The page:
As the Rhode Island program debuts this week, other initiatives on accountability for clinical performance also are picking up speed.
A few days after hospital scores appear on a Web site in Rhode Island, the Centers for Medicare and Medicaid Services is expected to unveil its own pilot project for disclosing measures of hospital performance to the public, Modern Healthcare has learned. Medicare quality-improvement organizations in Arizona, Maryland and New York will conduct the tests.
In addition, the NQF's work on a set of hospital-performance measures, funded in part by a joint grant from HHS and the Agency for Healthcare Research and Quality, could be forwarded to the CMS by the end of January, Kizer said.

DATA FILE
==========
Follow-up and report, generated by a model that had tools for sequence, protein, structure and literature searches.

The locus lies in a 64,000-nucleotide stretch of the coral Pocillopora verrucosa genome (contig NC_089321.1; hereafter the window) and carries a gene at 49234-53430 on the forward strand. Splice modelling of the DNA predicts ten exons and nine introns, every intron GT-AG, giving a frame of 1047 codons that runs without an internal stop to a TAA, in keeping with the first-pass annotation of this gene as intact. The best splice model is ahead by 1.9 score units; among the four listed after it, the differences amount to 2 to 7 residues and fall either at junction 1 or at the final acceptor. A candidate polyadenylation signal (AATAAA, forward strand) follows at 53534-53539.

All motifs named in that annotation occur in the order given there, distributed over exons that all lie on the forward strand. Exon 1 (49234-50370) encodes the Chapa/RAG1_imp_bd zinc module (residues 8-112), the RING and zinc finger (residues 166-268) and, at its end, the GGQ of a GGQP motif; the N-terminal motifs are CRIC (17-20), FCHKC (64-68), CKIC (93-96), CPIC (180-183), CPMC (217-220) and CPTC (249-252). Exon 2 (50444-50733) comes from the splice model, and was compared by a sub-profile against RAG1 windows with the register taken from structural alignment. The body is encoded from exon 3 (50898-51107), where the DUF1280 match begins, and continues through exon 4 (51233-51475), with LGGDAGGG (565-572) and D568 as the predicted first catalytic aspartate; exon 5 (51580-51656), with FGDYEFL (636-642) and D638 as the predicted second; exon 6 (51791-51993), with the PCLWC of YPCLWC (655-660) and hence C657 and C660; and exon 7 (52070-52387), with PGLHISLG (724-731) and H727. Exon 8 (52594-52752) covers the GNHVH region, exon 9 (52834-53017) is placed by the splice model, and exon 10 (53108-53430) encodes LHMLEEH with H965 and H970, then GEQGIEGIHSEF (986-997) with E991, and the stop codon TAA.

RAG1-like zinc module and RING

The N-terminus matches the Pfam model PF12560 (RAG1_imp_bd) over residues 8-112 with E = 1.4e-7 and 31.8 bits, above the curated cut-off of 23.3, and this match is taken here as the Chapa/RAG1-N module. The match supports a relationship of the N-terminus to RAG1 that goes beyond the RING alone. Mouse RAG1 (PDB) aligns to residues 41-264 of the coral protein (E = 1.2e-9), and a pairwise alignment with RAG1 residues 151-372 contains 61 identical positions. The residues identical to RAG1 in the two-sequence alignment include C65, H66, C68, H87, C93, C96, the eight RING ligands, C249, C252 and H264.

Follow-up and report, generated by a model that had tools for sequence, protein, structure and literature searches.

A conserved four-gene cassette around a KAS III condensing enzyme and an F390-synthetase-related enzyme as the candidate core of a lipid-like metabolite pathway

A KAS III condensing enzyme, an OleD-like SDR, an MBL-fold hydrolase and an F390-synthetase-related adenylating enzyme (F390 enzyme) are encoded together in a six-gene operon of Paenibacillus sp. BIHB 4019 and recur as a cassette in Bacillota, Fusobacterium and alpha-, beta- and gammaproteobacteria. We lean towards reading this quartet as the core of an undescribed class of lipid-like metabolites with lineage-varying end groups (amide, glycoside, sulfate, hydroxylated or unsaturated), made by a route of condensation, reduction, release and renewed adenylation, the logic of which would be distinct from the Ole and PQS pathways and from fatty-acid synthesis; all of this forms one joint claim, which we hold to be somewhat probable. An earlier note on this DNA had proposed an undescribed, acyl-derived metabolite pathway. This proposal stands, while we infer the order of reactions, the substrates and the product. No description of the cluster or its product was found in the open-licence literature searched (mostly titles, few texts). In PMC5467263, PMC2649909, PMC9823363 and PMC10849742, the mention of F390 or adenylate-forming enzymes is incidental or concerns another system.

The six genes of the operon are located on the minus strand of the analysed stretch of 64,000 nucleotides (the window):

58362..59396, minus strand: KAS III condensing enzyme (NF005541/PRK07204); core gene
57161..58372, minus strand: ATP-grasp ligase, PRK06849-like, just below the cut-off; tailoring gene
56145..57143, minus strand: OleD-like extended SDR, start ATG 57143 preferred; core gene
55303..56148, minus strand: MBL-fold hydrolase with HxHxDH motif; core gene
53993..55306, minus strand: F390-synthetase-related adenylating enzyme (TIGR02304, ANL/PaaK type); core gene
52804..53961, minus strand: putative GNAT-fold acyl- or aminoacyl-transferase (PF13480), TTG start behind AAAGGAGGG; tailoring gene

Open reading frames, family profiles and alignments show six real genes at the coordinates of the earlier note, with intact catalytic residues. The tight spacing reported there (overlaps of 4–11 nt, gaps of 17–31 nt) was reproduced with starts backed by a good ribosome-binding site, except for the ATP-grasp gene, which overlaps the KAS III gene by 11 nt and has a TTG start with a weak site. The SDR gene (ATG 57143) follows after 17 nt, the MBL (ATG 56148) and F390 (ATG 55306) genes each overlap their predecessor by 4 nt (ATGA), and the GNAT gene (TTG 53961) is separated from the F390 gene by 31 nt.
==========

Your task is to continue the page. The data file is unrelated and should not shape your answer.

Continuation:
Also in January, the JCAHO will begin reviewing hospitals' clinical track records on treatment of heart attacks, heart failures, pneumonia and pregnancy as part of its accreditation process. To be accredited, hospitals will have to adhere to guidelines covering care of at least two of those four conditions. Hospitals were required to start reporting data as of July 1 to information systems vendors authorized to participate in the JCAHO's Oryx program of performance measurement.
CMS Administrator Thomas Scully recently disclosed a new federal effort to link hospital reimbursements to quality of care (Sept. 16, p. 9).
Neither Scully nor other CMS officials would comment on the details of the new pilot program or plans for the incoming hospital measures. The NQF board, which represents employers, insurers and providers, is scheduled to vote on a set of up to 48 measures by Jan. 29, Kizer said.
A CMS spokesman told Modern Healthcare that "it would be premature for us to talk at all about anything that's going on with hospitals." Up to now the agency has concentrated on publishing quality information about nursing homes (April 22, p. 12).